When the waitress returned with two identical plates of biscuits and gravy, Richmond was well into describing the superiority of dogs to cats.
He’d taken down three cups of coffee since we arrived, and there were great spots of brown slobber on his otherwise crisp white shirt – the products of careless gesturing and over-caffeination. The newest and consequently darkest splotch came as he was detailing the timeline which unfolds when a pet owner dies alone in their home. According to Richmond, when the body cools below ninety degrees Fahrenheit, a dog covers its master with its body and waits for help. This is in stark contrast to a cat which – again, according to Richmond – begins to eat the body. This vicious fact was his crowning evidence and was met with a large gulp of dark roast, some of which escaped his mouth and soaked into the cotton above his right breast pocket.
The waitress – a deeply tanned Cuban girl who may have been nineteen – dropped the plates in front of us, and hurried off to refill coffees elsewhere. Richmond had deemed her “fuckable” upon entering the restaurant, but hadn’t said more than fourteen words – his order and his thanks in advance – since sliding into the booth. After a brief pause to tuck his napkin into the front of his shirt, he took to the pepper shaker with a vengeance and returned to his meditation on dogs.
“See dogs consider us equals, Douglas – emotionally and physically,” he said, “they mourn us in their own way when we are gone. It’s not grief exactly, but they stay loyal, see? Cats just use us as they see fit. Nasty little bastards.”
I nodded and doused my breakfast in hot sauce; I owned neither a cat nor a dog.
“They’re useful, too,” he hadn’t even taken a breath, “dogs, I mean. Not cats. Because it goes both ways, right? We see dogs as equals as well. Why the hell do you think we give them names and let them sleep in our beds?”
At this, he shoveled a massive forkful of biscuit into his mouth, going silent for the first time in half an hour.
“People let cats sleep in the bed, too, Rich,” I said, taking advantage of his chewing.
“Sure they do,” he said through a mouthful of pepper gravy mush, “but it’s not the same. People love their dogs, man. They can faun over their cats all they want, the savages, but they’ll never love them the same way they love dogs.”
The waitress returned to refill our coffees – my second and his fourth – and smiled without showing her teeth when I mentioned how good the biscuits were. She asked if we needed anything else, then turned and made her way to the front of the restaurant with Richmond’s eyes boring into her backside.
“Man alive,” he said, “you could build a house on that ass. You know? Like in the bible?”
Richmond was always concerned with my understanding everything he said, regardless how innate. I ate in silence for a while as he tore into a tangent about biblical parables and the current luck of the Florida Marlins. I chimed in occasionally to answer one of his leading questions, and twice attempted to change the subject to something more manageable. But he would not be deterred, and eventually the conversation circled back on itself.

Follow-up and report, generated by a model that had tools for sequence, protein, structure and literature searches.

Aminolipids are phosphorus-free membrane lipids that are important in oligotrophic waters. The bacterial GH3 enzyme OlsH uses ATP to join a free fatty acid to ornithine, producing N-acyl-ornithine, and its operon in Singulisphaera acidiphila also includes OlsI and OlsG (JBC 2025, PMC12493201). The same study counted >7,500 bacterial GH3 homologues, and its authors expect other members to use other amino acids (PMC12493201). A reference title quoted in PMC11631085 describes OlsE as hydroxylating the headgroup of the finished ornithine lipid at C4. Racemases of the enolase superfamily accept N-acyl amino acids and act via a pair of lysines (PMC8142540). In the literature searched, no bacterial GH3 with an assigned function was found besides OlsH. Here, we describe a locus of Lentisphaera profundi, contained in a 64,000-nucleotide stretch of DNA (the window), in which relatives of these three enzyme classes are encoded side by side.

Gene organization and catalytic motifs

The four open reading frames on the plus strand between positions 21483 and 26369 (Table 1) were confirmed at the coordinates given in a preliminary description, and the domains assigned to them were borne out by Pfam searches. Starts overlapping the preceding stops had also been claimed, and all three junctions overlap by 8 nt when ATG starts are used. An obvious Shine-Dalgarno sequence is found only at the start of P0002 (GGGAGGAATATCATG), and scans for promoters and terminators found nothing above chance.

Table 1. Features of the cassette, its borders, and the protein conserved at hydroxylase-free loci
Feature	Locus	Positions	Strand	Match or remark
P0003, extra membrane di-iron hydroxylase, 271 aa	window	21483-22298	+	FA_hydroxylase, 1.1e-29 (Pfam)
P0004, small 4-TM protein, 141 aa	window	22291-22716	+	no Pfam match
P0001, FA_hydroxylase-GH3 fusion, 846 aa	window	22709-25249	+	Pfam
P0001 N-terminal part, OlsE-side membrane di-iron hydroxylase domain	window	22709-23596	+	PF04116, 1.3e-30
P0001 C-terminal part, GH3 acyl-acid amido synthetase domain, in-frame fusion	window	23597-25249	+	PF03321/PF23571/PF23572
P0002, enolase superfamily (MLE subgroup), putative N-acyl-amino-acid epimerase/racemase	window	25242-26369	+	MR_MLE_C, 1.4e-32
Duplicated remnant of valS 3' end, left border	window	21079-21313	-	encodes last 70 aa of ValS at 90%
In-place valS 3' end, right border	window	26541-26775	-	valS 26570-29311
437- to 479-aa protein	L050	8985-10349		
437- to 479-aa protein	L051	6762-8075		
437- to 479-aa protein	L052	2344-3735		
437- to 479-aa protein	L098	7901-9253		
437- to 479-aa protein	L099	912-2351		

“Here’s another example,” he said, “you know those sexy little mamas who carry little dogs around in their purses?”
I nodded again, and launched into my second drowned biscuit.
“Well, why do you suppose it is they pack those little mutts around?”
I continued to chew my food, only noticing after several seconds of silence that the question had not been rhetorical.
“Geez, Rich. I don’t know, maybe they just think they are cute.”
He laughed hard at this, sending bits of food flying into the neutral ground between us.
“Well, of course they think they are cute! But it goes deeper than that. See, a hundred years ago, these girls would be married with a couple of kids to look after. But now, they are all caught up in playing the game – dating around, having their fun. They get to be twenty-five, thirty years old with nothing to show for it but a tight body and some nice clothes. So, they snatch up these little critters to lug around and care for like a baby so they don’t feel like such whores. It’s maternal, you see.”
He said the word with an edge in his voice, leaning forward over his plate and catching a dollop of gravy on the second button of his sleeve.
“I don’t know, that’s a pretty broad statement, Rich.”
He shrugged, resting his case and finishing what was left of his breakfast. The Cuban girl returned with our check, and I reached for it instinctively, but Richmond was quicker on the draw. I insisted I pay at least my half but he would hear none of it, suggesting sincerely I save my money and take my wife somewhere nice.
Outside the restaurant, we shook hands on the sidewalk and took the time to promise each other it would not be so long before we saw the other. He had come from the south, and I from the north. As he disappeared around the corner of 17th avenue, I wondered – not for the first time – what kind of man worries about a cat eating his corpse.